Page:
We are currently facing the failure of a system based on infinite growth that puts profit before care for people and the planet. A system that is highly dependent on fossil fuels, natural resources extraction, overproduction and overconsumption. All of this is fuelling the climate crisis, biodiversity loss and massive pollution which in turn has resulted in a higher cost of living, worsening living standards, climate migrations, and a war for resources.
The Power Dynamics in Multilateral Spaces
Multilateral spaces like COP28 in UAE, organised by the United Nations Framework Convention on Climate Change (UNFCCC), serve as crucial platforms for global leaders to unite and move essential climate actions forward. Yet even in these spaces, where the sovereignty of member states should prevail, the world’s dominant power dynamics are mirrored through corporate capture and noticeable conflicts of interest, false solutions and greenwashing, or with plain opposition to environmental protection.
It’s time to break this pattern and explore real alternatives towards a future that ensures a liveable planet, redefines wellbeing all together, and where humans and nature are seen as one.
Opportunities for Transformative Change
We know another way is possible, we don’t need to reinvent the wheel to make change. There are already communities and grassroots movements practising alternatives that prioritise care and wellbeing at their core, offering us hope that other realities are possible. We need to keep learning from the traditional knowledge and lived experience of these communities, which are too often marginalised and ignored, but hold answers to the global challenges created by the dominance of Western world views.
Greenpeace collaborated with academics, organisations and activists from around the world to collect their perspectives in a publication called Growing the Alternatives: Societies for a Future Beyond GDP. The publication explores political alternatives and economic scenarios, analyses market facing alternatives, and visits 21 examples that set the path for the futures we want to build. These alternatives offer a departure from the status quo and prioritise the collective good over individual gains.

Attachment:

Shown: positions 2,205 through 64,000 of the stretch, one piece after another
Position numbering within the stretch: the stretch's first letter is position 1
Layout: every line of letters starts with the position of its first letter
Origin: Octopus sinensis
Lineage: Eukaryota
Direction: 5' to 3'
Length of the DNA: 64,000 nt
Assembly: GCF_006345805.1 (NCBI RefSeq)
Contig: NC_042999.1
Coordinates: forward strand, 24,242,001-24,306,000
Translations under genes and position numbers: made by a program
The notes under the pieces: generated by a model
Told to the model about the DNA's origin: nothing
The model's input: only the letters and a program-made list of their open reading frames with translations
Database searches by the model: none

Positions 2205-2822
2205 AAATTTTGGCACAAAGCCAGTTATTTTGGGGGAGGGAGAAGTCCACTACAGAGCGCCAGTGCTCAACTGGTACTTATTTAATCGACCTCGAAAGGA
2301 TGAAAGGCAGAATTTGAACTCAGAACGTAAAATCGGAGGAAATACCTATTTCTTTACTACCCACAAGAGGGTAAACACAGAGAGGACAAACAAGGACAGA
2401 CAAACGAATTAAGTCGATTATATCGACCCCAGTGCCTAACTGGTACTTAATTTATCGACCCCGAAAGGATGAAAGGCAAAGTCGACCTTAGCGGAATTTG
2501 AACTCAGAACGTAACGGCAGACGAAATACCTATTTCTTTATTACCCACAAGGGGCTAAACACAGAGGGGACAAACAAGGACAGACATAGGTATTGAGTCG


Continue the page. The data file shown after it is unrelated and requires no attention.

Moving Forward: Disrupting Power Dynamics
Amplifying these solutions are a key part of using political opportunities like the COP to push for policies and practices that tackle the root causes of the polycrises. For instance, taking action on the global finance mechanisms, which are a cornerstone of global cooperation on climate change, or ending tax havens and corporate lobbyists’ influence on global tax policies and systems. These are pathways to ensure the equality and power distribution that are essential to a wellness economy are priorities.
We need more good news such as the UN General Assembly adopting plans for historic tax reforms, which will completely change how global tax rules are decided. This is a historic victory that will benefit people from all over the world. The great majority of countries have declared that they are ready to start negotiating tax rules at the UN instead of traditional spaces like the OECD, which are mostly led by the rich countries.
Likewise, the finance pledges for financing of the Loss and Damage Fund at COP28 must be followed by governments agreeing on new and added climate finance, and lay the groundwork for a goal that is adequate in scale and scope. The elite and the polluters must pay, but we can’t stop at just enough.
We must disrupt existing power dynamics, avoiding approaches that reinforce the status quo of powerful economies while perpetuating the cycle of debt for the global south through loans instead of grants. Debt-for-nature swaps — proposed by the new taskforce being launched by MDBs, or multilateral development banks, at COP 28 — cannot be a substitute for real debt restructuring and a comprehensive reform of the international financial architecture.
It is as crucial to get the rich countries to pay back their fair share to the poorest and most vulnerable countries for the harm they have caused, as it is to ensure a democratic and inclusive global economic governance. We need a systems change that puts the wellbeing of people and the planet at its core.
Visit here for the full infographic made in partnership with the Wellbeing Economy Alliance (WEAll).
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Sandra Laso is a Project Manager with Alternative Futures at Greenpeace International.